As a general rule, our legal system does not treat acts of omission as criminal acts. Where is does so, (offences of strict liability) this is explicitly spelled out. The best known example is perhaps failing to disclose who was driving your car when an offence was committed. However, these are very much the exception.

It I stand by and watch while you drown in 6 inches of water in the local duck pond, my failure to save your life by pulling you out is undoubtedly unethical, but it isn't illegal (I seem to recall this issue arising when some police officers did not go into a frozen pond to rescue a child)

Dr No (I think) drew the parallel of leaving a burglar alarm off so that the burglars can get in.

I don't think the comparison stands. In that instance, the culpability would not lie in having left the burglar alarm off, but in having conspired with the burglars to do so - the 'inside (wo)man' could face charges for conspiracy to steal, but the relent point would be their conspiracy with the burglars. (Leaving or turning the alarm off might be evidence to prove that conspiracy, of course)

If they left the alarm off without such prior knowledge or agreement (even if they knew, or should have known that burglars were operating n the area and were likely to strike) they would not be guilty of any crime.

I think the same applies to the medics in this situation. They did not take any action which caused or assisted the patient to commit suicide, nor did they do any thing to encourage it.


If they had treated her against her will, then, (assuming she had mental capacity) they would have been guilty of assault, and probably false imprisonment as well.

If she lacked capacity then as I understand it, the focus shifts to treating her in her best interests. I think this is reason why the focus was on the Mental Capacity Act not the Suicide Act.

I think the doctrine of necessity argument does not apply where you have a patient who is able to give (or withhold) consent - it is more relevant where someone cannot give consent because they have lost consciousness, or where the patient is a child and is too young to give consent. So far as I can see, that doctrine would only apply here is there was a genuine doubt as to whether the patient had Mental Capacity *and* there was no time to obtain a second opinion or other decision on that point.

Marjorie said...

I feel very sorry for the medical professionals involved in the case but unless this lady was so mentally disturbed at the time she attended hospital that she was incapacitated I think that the advice given was correct.

The letter's relevance would, it seems to me, only arise if the patient lost consciousness, or lost capacity after arriving at hospital, which as far as I can tell, doesn't seem to be the case here.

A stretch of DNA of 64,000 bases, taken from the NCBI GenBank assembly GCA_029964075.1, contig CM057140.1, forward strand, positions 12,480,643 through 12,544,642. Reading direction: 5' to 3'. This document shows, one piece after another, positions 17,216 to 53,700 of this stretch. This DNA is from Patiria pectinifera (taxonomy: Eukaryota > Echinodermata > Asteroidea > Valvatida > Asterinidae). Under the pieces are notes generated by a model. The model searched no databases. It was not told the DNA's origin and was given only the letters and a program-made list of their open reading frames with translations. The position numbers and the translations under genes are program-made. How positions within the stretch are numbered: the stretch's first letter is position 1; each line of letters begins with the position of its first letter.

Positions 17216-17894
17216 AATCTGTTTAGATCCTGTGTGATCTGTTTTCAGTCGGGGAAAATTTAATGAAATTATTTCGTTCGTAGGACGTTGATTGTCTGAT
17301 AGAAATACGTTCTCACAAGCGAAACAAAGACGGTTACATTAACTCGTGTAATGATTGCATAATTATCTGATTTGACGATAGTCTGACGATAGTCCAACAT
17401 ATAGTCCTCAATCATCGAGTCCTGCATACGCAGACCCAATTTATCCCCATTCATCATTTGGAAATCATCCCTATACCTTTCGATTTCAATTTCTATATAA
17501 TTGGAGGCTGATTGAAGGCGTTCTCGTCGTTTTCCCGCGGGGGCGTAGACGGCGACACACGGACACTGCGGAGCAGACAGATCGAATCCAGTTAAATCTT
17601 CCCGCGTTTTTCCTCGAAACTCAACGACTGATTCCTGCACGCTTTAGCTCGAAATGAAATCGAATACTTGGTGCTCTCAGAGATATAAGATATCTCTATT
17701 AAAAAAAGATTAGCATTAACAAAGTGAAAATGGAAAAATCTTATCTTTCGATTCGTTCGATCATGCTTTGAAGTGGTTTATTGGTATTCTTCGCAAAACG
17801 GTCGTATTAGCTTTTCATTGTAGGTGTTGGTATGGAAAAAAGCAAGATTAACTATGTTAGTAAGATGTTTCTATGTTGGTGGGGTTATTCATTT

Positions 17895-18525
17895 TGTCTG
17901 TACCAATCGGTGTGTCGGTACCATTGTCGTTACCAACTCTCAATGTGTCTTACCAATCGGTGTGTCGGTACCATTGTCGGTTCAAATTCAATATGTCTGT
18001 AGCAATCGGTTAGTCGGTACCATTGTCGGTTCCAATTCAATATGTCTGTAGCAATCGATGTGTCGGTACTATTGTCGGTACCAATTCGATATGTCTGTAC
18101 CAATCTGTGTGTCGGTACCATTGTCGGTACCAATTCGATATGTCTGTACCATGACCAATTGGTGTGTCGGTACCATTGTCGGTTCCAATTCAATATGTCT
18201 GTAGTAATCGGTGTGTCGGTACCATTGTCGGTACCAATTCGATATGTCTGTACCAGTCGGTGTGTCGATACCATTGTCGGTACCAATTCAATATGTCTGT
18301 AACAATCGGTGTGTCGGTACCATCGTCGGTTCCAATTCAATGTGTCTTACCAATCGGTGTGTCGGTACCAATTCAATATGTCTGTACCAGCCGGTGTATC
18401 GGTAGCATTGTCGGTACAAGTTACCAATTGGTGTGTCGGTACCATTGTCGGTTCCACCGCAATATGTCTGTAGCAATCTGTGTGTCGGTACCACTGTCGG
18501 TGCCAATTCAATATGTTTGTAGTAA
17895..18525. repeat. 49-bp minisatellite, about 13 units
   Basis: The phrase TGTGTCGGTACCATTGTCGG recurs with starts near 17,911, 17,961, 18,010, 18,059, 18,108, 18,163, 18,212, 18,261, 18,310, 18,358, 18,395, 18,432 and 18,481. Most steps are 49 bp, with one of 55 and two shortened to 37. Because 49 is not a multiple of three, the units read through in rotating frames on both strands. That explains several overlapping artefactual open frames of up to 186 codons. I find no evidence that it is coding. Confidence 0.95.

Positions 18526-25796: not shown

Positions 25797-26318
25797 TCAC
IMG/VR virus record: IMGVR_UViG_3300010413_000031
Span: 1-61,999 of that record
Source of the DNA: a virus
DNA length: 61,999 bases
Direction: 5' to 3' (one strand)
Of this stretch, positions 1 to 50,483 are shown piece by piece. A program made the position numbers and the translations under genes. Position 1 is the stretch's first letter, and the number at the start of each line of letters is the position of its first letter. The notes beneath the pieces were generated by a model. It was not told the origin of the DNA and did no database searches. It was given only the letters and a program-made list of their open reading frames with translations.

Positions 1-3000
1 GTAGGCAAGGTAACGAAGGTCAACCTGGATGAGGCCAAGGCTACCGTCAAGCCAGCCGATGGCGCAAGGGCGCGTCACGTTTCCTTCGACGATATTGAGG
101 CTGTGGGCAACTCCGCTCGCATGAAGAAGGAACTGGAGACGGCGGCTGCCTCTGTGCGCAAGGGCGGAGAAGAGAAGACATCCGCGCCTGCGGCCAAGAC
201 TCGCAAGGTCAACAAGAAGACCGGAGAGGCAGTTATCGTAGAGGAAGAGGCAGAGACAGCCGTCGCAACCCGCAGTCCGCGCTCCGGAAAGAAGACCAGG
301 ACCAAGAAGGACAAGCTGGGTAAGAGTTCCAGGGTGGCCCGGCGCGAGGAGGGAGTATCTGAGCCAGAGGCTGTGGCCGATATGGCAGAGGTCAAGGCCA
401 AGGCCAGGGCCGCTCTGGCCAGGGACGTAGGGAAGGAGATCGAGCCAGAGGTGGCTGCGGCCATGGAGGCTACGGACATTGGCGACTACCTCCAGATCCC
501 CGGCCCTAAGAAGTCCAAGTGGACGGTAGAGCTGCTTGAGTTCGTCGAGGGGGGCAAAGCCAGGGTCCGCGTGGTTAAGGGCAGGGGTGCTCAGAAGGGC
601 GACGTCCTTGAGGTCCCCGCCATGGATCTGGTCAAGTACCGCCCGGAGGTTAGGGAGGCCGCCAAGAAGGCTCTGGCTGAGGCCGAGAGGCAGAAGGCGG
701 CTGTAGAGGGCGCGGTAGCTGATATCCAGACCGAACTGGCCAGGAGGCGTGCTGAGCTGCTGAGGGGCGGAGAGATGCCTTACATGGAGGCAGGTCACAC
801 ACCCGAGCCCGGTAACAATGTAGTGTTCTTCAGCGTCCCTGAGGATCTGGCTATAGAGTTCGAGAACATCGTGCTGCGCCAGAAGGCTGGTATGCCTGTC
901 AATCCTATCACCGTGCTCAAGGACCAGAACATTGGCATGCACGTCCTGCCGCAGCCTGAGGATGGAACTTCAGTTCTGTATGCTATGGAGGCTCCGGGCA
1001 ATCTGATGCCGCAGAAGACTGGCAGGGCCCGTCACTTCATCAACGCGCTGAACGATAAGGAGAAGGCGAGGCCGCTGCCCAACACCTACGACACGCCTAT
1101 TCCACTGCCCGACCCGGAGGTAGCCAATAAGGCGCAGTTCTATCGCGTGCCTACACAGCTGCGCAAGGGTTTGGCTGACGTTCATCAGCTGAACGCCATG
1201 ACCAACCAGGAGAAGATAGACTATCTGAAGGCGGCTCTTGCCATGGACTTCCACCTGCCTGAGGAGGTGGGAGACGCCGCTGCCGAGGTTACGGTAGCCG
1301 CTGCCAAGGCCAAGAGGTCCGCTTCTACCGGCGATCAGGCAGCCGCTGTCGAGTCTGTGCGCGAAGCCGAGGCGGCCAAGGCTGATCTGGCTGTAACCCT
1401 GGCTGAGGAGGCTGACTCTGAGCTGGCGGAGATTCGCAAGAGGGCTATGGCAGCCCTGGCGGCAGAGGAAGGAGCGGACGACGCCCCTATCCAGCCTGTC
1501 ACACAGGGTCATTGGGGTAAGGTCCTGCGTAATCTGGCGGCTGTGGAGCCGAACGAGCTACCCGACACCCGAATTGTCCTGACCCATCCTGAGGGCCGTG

In my professional capacity I sometimes have to deal with clients with mental health difficulties some of whom may be judges to be incapable of giving instructions - In that situation, if I believe the client does have capacity I am permitted to follow my own judgment. However, if I judge that my client is not capable of providing instructions I have to get that formally confirmed by a psychiatrist (and then the Official Solicitor gets involves which comes down to 'act in the client's best interests') However, it is possible to have significant mental health difficulties but still have 'Mental Capacity'. I assume the same is true about the level of incapacity or mental illness needed to be able to override a patient's wishes.

By the by, some commenters have suggested that the lawyers are uncaring - just as it would be wrong, and unprofessional for a doctor to mislead a patient (for example, to tell her she was not pregnant, because he had an ethical objection to abortion and thought she might ask for one) it would be wrong and unprofessional for a lawyer to give incorrect advice about whether or not the patient’s wishes could be overridden. The lawyers, just as much as the doctors, concerned in this case may well have had personal regrets and suffered sleepless nights over this.

Being the one who has to break unwelcome news does not make you uncaring.

(sorry for such a long comment!)

Dr Grumble said...

Thank you for your comments, Marjorie. There is quite a lot of consistency about the legal view on this. Doctors have difficulty grasping legal views if ethically they appear wrong and it is not surprising that we want to find a way out of this dilemma which is a recurring one though in this case it was starker than usual because of the note and the complexity of the treatment intervention which needed to take place over quite a long period.

Of course one never knows all the details of a case from the papers but having now become an amateur lawyer as a result of my reading related to this problem my own view is that it is likely that interpretations could reasonably have been made by the doctors looking after KW which would have enabled lawful treatment. I was particularly taken with Lord Donaldson's point that the degree of capacity should match the gravity of the decision. If somebody has decided to kill themselves then plainly their degree of capacity should be maximal and it seems clear to me that the way KW presented, her previous behaviour and the underlying psychiatric issues raise sufficient questions for a reasonable doctor to consider her capacity to be less than sufficient to kill herself.

Dr Grumble said...

Official documents state "low self esteem........is not always recognised but it could affect a person's capacity."